WARSAW, Poland (AP) — Poland is bracing for a possible credit downgrade by ratings agency Moody's on Friday amid international concerns over the new government's move to erode the independence of key institutions and increase spending.
Poland has been one of Europe's most dynamic economies for years, with growth expected at around 3.5 percent this year despite a slight contraction in the first quarter. But investor confidence has been shaken by the government's new policies.
Standard & Poor's already downgraded Poland by one notch earlier this year, something the government slammed as unfair considering the nation's relatively high growth, and investors are bracing for either a downgrade by Moody's or a change in the country's outlook.
From 2007 to 2015 the country was run by a pro-market party, Civic Platform, which oversaw eight years of strong economic expansion. It lost elections last year amid frustration that too many Poles were left out of that success story, with many still struggling on very low wages.
The new ruling party, Law and Justice, won power promising to help the poor and families and has already begun paying child benefits. It has promised other measures that aim to help struggling Poles, but which investors fear will unbalance state finances. Among those measures are plans to lower the retirement age and to convert Swiss franc loans into zlotys to the benefit of the mortgage holders.
Marcin Mrowiec, economist at Bank Pekao SA, said investors are mostly nervous about the Swiss franc conversion plan since it has the potential to destabilize some banks, perhaps even the whole banking system, if the costs to the banks are great.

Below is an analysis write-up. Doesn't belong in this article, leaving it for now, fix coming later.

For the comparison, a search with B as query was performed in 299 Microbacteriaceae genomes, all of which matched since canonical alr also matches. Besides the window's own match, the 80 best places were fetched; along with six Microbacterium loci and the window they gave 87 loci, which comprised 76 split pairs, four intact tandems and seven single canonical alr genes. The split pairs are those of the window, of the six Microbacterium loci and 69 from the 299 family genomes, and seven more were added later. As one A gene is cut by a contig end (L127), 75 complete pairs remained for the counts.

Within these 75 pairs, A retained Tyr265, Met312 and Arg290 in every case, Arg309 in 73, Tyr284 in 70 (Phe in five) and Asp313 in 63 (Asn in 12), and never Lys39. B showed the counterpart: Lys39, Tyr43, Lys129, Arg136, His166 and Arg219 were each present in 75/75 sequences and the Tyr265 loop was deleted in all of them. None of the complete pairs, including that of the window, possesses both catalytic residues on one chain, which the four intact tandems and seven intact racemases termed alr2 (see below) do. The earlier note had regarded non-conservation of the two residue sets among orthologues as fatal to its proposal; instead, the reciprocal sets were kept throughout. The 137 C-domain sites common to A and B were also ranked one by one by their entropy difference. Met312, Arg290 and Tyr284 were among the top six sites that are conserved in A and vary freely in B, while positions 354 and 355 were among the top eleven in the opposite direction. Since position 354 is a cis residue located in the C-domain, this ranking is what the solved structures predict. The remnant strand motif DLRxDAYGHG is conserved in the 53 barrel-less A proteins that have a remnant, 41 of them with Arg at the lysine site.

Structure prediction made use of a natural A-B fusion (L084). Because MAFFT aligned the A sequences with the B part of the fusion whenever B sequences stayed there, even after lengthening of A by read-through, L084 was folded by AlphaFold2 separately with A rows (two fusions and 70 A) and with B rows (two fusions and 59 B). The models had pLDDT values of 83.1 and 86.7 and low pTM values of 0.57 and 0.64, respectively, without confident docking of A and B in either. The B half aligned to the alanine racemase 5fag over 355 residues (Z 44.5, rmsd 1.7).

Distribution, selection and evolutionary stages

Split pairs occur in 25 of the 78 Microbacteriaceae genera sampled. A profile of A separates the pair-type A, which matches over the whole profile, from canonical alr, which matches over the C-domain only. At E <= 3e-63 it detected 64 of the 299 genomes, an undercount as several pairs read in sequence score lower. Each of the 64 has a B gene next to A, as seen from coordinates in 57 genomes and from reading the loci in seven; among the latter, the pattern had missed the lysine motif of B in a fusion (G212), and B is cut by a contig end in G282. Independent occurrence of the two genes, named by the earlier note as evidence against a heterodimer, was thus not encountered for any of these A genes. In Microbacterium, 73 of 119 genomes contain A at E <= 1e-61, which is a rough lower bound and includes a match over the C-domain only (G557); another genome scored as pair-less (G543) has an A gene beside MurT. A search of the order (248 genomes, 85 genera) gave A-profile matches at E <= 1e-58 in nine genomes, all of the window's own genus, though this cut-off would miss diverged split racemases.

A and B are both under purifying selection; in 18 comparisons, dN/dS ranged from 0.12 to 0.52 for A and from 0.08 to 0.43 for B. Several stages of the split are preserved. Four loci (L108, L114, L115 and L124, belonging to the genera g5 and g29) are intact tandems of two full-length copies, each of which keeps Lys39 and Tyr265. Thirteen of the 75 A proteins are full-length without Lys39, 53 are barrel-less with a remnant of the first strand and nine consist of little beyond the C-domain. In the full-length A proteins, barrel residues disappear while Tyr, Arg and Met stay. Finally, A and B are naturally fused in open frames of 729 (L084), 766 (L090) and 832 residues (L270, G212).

Piotr Buras, head of the Warsaw office of the European Council on Foreign Relations, argues, however, that investors are above all spooked by legal instability in the country due to an ongoing crisis concerning the Constitutional Tribunal.
"The institutional revolution we are experiencing these days has tremendous consequences for how the Polish economy and its prospects are seen in the world," Buras said.
The Central Statistical Office said the economy contracted 0.1 percent quarter-on-quarter and that yearly growth was at 3 percent.
Mrowiec said that several factors contributed to the slowdown: uncertainty over the government's fiscal plans; changes in management at state-run enterprises, which resulted in a temporary slowdown in investments; and a gap between two spending periods by the European Union, whose cash infusions have been a key source of Poland's growth over the past 12 years.
"The first quarter looks a bit less rosy but it was to be expected," Mrowiec said. "We expect the following quarters to be stronger."